If you’ve ever needed to borrow money—for a car, home renovations, or just to pay short-term expenses—then you’ve probably searched online for the best loan options. And you undoubtedly found hundreds of online lenders ready to let you borrow money very quickly. But some of these online cash loans sound too good to be true—and that’s because they are.
As online lenders gain popularity, the market has also seen a boom in predatory loans. Essentially, less scrupulous lenders may tempt you with fast approval and quick cash, but then hit you with sky-high interest rates and terrible loan terms that leave you owing more than you can repay. The ease with which you can borrow money online makes it particularly hard to know which online lenders are legitimate and which aren’t.
The online loan marketplace is so rife with predatory lenders that one NPR reporter filled out a quick loan application with entirely fake information and was still approved. Because of that application, the reporter was then pre-approved by other online lenders for even higher loan amounts. It’s not hard to see how this could easily get out of hand.
You don’t want to end up owing more than you bargained for. Before you borrow money online, here’s some good things to know about online lenders and how to spot the sketchy ones.
Why Have Online Lenders Grown in Popularity?
According to a report from TransUnion , online lenders accounted for just 4% of personal loan balances in 2012. However, as of 2017, 32% of personal loans were taken out from online lenders. And that’s not going to slow down soon. The U.S. Treasury Department studied the online loan marketplace in 2016 and estimated that online lenders could originate $90 billion in loans (including car loans and mortgages) by 2020.
Not all of this growth is bad or predatory. For business owners, online lenders have provided an important new avenue for capital on their small business loans. For borrowers with bad credit, online lenders have been another source for borrowing money when needed.
The growth of financial technology has also made it possible for online lenders to use a different approach when approving borrowers’ applications. Some consider your earning potential and cash flow, instead of simply looking at your credit report. Technology has also made it easier to get approved quickly—with some online lenders, the loan approval process can be completed in less than a day.
However, with the ease of online loan approvals and growth of online lenders, there has also been a rise in concern about regulation and predatory lending.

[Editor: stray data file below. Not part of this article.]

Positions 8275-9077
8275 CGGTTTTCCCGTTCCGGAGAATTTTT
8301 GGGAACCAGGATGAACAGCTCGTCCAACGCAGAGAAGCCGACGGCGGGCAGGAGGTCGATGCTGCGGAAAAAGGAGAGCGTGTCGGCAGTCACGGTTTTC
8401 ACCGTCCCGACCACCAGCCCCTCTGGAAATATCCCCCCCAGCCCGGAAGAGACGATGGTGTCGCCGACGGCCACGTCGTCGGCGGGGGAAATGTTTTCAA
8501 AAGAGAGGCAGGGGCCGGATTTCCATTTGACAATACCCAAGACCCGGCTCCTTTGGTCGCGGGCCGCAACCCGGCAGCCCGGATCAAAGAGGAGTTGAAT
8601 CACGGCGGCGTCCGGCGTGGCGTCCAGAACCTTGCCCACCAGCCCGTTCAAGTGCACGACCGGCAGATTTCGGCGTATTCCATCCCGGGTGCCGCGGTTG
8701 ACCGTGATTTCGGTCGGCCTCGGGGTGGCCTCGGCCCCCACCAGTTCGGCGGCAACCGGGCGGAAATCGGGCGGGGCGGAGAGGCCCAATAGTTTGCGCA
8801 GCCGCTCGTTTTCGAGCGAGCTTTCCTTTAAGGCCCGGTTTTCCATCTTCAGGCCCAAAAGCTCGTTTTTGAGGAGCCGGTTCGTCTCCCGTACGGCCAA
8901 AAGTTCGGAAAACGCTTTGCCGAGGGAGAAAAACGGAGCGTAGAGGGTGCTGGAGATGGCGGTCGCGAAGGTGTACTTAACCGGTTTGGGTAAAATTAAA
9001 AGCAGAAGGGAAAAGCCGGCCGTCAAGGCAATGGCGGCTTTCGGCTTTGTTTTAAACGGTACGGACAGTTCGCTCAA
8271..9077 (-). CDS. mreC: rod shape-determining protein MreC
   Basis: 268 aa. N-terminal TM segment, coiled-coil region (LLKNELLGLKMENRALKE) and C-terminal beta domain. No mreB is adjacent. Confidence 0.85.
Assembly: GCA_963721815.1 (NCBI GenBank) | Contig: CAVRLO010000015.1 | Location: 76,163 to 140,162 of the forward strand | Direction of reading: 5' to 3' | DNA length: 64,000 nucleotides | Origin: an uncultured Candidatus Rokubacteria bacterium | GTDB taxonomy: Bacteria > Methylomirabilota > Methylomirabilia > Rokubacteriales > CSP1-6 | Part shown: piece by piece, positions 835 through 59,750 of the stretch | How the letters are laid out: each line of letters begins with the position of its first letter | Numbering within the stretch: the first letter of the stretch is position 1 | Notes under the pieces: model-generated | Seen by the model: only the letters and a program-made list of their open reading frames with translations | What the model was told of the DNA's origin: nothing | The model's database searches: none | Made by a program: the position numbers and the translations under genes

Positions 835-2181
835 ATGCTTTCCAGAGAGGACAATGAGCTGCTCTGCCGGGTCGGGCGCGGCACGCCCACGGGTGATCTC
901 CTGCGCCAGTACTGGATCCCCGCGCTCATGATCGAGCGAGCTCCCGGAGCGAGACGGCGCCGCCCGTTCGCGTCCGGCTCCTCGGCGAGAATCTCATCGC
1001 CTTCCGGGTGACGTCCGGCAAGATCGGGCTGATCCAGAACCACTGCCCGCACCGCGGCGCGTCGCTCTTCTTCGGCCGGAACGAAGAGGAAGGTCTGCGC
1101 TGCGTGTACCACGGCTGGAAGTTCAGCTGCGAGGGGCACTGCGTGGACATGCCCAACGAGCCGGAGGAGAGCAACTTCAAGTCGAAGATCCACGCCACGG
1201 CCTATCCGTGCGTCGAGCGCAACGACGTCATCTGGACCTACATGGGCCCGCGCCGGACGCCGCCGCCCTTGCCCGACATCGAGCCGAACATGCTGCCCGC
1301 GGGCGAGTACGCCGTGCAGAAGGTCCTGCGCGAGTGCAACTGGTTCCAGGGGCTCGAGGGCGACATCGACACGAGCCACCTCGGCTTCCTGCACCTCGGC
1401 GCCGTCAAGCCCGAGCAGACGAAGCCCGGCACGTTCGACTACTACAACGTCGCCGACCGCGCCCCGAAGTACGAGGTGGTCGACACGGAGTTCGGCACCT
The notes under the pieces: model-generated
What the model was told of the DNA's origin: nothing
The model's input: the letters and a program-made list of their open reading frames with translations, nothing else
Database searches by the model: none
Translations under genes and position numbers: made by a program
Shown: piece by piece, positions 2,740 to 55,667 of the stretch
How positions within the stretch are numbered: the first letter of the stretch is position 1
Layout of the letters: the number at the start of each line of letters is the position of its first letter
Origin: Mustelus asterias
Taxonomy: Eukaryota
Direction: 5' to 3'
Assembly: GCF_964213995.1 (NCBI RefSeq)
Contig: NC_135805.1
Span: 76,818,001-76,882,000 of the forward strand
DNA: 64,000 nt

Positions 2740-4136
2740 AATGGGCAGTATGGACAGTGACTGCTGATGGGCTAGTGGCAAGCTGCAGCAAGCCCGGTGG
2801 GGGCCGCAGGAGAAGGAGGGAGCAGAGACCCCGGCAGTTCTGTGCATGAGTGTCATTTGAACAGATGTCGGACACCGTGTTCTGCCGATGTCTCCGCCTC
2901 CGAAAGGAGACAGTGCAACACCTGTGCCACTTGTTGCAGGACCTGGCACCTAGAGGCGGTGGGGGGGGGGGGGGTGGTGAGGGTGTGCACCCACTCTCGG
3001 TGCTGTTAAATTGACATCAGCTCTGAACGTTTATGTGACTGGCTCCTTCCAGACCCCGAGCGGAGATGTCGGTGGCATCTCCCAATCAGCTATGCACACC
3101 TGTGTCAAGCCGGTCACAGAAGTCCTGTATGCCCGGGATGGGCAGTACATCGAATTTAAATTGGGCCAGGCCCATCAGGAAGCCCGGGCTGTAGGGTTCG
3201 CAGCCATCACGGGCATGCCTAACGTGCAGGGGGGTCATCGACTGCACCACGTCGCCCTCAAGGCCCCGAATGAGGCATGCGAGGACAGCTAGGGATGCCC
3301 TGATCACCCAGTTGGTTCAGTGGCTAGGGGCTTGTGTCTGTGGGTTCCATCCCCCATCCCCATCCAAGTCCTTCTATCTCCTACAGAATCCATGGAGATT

What Is a Predatory Lender?
Predatory lenders, or lenders with shady practices that take advantage of borrowers, have been around for years. Generally, a predatory lender charges massive interest rates that are sometimes even above the legal limit. Often a predatory lender simply ignores a borrower’s ability to repay the debt. These lenders target people who need cash quickly, offering things like payday loans or tax refund advances.
How do you know if you’re dealing with a predatory lender? For one thing, they may not provide adequate disclosures, so that they aren’t telling you exactly what you’re signing on for. They might charge inflated fees, especially upfront, and abnormally high prepayment penalties. Finally, they could encourage you to take out more than you should, or put your home or other assets up to secure a larger loan.
How Do I Know If an Online Lender Is Legitimate?
The first step is to check out the lender, before you apply for a loan and give them any personal information. When checking out the lender, The Better Business Bureau is a good place to start, though not all online lenders are listed there.
There are also federal regulations on lenders offering short-term or payday loans. Most legit online lenders will comply with these regulations. Word of mouth is also very helpful. Read reviews to get the true voice of the customer, and be sure to look at different social channels to gauge the kinds of experiences people have had. If you can identify patterns—positive and negative—it may make your decision that much easier.
You should make sure to avoid unsolicited loan approvals (ones you didn’t apply for), and don’t agree to loan terms that you know you can’t afford or repay. You shouldn’t have to pay any large upfront fees before your loan is disbursed. It’s also important to read online lender reviews and consider if the online cash loan you’re being offered is too good to be true.
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